maandag 23 oktober 2017

Weight_Falls. Kim Churchill

Yes, people, Jack Johnson is not the only surfer dude to write and play songs on an acoustic guitar. Kim Churchill from Australia is another one. Having seen him play in the Q-Bus in Leiden a few years back was an experience. Not just a singer-songwriter, no, far from that. Percussion on the floor and around his feet, loops that were built and sonic storms racing through connected stomp boxes, together created A performance. A rhythmic wonder Kim Churchill on stage is. So many things are happening at the same time, all made up on the spot or at least so it seems, that two ears at times simply were not enough to catch all the effects.

Come 2017, come Weight_Falls. This latest treasure trove of songs is his fifth album since releasing his debut, 'With Sword And Shield' in 2010. For me things Kim Churchill started with his 2014 album, 'Silence/Win'. An album that in my review called Sheeran, Howard, Hozier and Churchill I compared favourably to the at the time latest albums of the other names mentioned (read here:;postID=5836037832821262641;onPublishedMenu=allposts;onClosedMenu=allposts;postNum=1;src=postname).

Weight_Falls again is an album where Kim Churchill at heart is a singer-songwriter disguising the fact behind modern rhythms and a full band sound. Rhythms that can be handclapped or played on percussion and drums or from more modern digital sources. His guitarplaying always supports the rhythm, perhaps with a frivolous note or note pattern, rhythmic it is. When this effect is turned into a song like 'Heart Of You', I appreciate the effect certainly a lot less. It gets a little to Coldplay-y to my taste. His voice can do a Chris Martin easily too, yet Churchill will never overdo it and remains himself.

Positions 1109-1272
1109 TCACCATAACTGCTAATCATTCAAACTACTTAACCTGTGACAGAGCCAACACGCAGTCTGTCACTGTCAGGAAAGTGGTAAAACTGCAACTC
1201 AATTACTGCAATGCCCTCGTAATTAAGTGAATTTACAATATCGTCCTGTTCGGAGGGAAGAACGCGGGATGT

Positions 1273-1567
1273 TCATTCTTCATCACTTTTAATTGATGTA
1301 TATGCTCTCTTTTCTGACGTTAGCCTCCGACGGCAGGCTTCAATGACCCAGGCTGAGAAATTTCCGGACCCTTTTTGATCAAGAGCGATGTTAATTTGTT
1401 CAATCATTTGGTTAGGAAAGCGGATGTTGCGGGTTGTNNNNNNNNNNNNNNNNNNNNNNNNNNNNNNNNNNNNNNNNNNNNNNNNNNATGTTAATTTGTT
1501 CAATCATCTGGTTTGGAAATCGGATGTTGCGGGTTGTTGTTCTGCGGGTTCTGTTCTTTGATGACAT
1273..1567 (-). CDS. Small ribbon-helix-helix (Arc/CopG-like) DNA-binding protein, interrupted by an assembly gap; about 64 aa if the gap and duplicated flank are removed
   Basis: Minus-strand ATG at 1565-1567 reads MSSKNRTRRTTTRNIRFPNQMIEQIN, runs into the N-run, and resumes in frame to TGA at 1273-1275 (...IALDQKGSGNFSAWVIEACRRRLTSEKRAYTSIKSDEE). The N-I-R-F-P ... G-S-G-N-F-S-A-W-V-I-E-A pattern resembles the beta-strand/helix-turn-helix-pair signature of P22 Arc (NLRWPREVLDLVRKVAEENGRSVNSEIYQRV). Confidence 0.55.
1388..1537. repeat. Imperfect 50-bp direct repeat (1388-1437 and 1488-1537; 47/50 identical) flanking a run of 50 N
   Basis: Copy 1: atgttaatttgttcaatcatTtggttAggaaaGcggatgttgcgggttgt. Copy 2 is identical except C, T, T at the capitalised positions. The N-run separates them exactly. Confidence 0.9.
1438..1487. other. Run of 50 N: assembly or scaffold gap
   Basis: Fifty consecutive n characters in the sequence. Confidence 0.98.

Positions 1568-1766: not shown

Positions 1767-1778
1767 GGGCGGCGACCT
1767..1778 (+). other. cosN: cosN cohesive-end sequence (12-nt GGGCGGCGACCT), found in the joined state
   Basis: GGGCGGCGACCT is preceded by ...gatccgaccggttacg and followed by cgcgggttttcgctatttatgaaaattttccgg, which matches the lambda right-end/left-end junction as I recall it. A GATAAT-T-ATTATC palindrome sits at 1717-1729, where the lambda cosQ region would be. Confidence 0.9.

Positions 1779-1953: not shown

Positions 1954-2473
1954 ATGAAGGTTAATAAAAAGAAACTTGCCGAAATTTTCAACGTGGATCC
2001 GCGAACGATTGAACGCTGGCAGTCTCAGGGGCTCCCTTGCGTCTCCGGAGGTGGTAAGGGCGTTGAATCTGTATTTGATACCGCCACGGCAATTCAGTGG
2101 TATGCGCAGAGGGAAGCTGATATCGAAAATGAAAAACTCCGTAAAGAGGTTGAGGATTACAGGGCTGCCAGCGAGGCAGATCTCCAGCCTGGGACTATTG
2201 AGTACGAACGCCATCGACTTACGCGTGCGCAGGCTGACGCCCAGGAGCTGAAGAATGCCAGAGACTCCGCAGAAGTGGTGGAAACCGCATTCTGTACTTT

This rhythmic fact makes the music of Kim Churchill somewhat unique. I can't say that there is a Kim Churchill sound, but without a doubt he creates something that I do not hear too often. Where all these elements really come together is in the song 'Second Hand Car'. The kind of song that will really work well on stage. The kind of song Churchill excels in.

The thing that he excels in is also his pitfall. The performance is so extremely strong that the quality of the songs is noticed only when alone with the music at home. Not every song is as strong as the performance of the song. Having said that, as I wrote in the past, I rather listen to these songs than to Ed Sheeran's on any given day.

Forced to choose I would always choose the live show above the record. On stage Kim Churchill is a sensation. So if you have the chance go out and see him... Weight_Falls is a fair and certainly decent alternative and holds enough good songs to justify multiple listening sessions over time. Finally it is worth noting that Kim Churchill is not out to please in an easy way. This makes the album grow a little again, because when it gets down to it, it certainly does please.


zondag 22 oktober 2017

Dragonfly. Kasey Chambers

Kasey Chambers bracht de eerste negen jaar van haar leven heel ver van de bewoonde wereld door. Haar ouders probeerden in Australië te (over)leven van de jacht en visserij en deden dit op plekken die destijds nog volledig waren afgesloten van de moderne tijd (niet altijd te verwarren met beschaving).
De jonge Kasey Chambers zat ’s avonds daarom niet voor de buis, maar zong met haar ouders countryklassiekers bij het kampvuur. Het zorgde voor een diepe liefde voor de muziek en met name de country, waardoor een carrière als muzikant voor de hand lag toen Kasey Chambers eenmaal op eigen benen stond.
Die carrière kreeg in 2000 een vliegende start met haar debuut The Captain. De plaat werd enthousiast ontvangen in haar vaderland, maar kreeg ook in Europa en de Verenigde Staten voet aan de grond. Kasey Chambers zag haar meisjesdromen uit komen toen ze toerde met Lucinda Wiliams en Emmylou Harris en wist het succes van haar debuut te overtreffen met het briljante Barricades & Brickwalls, dat ik persoonlijk schaar onder de (alt)country klassiekers.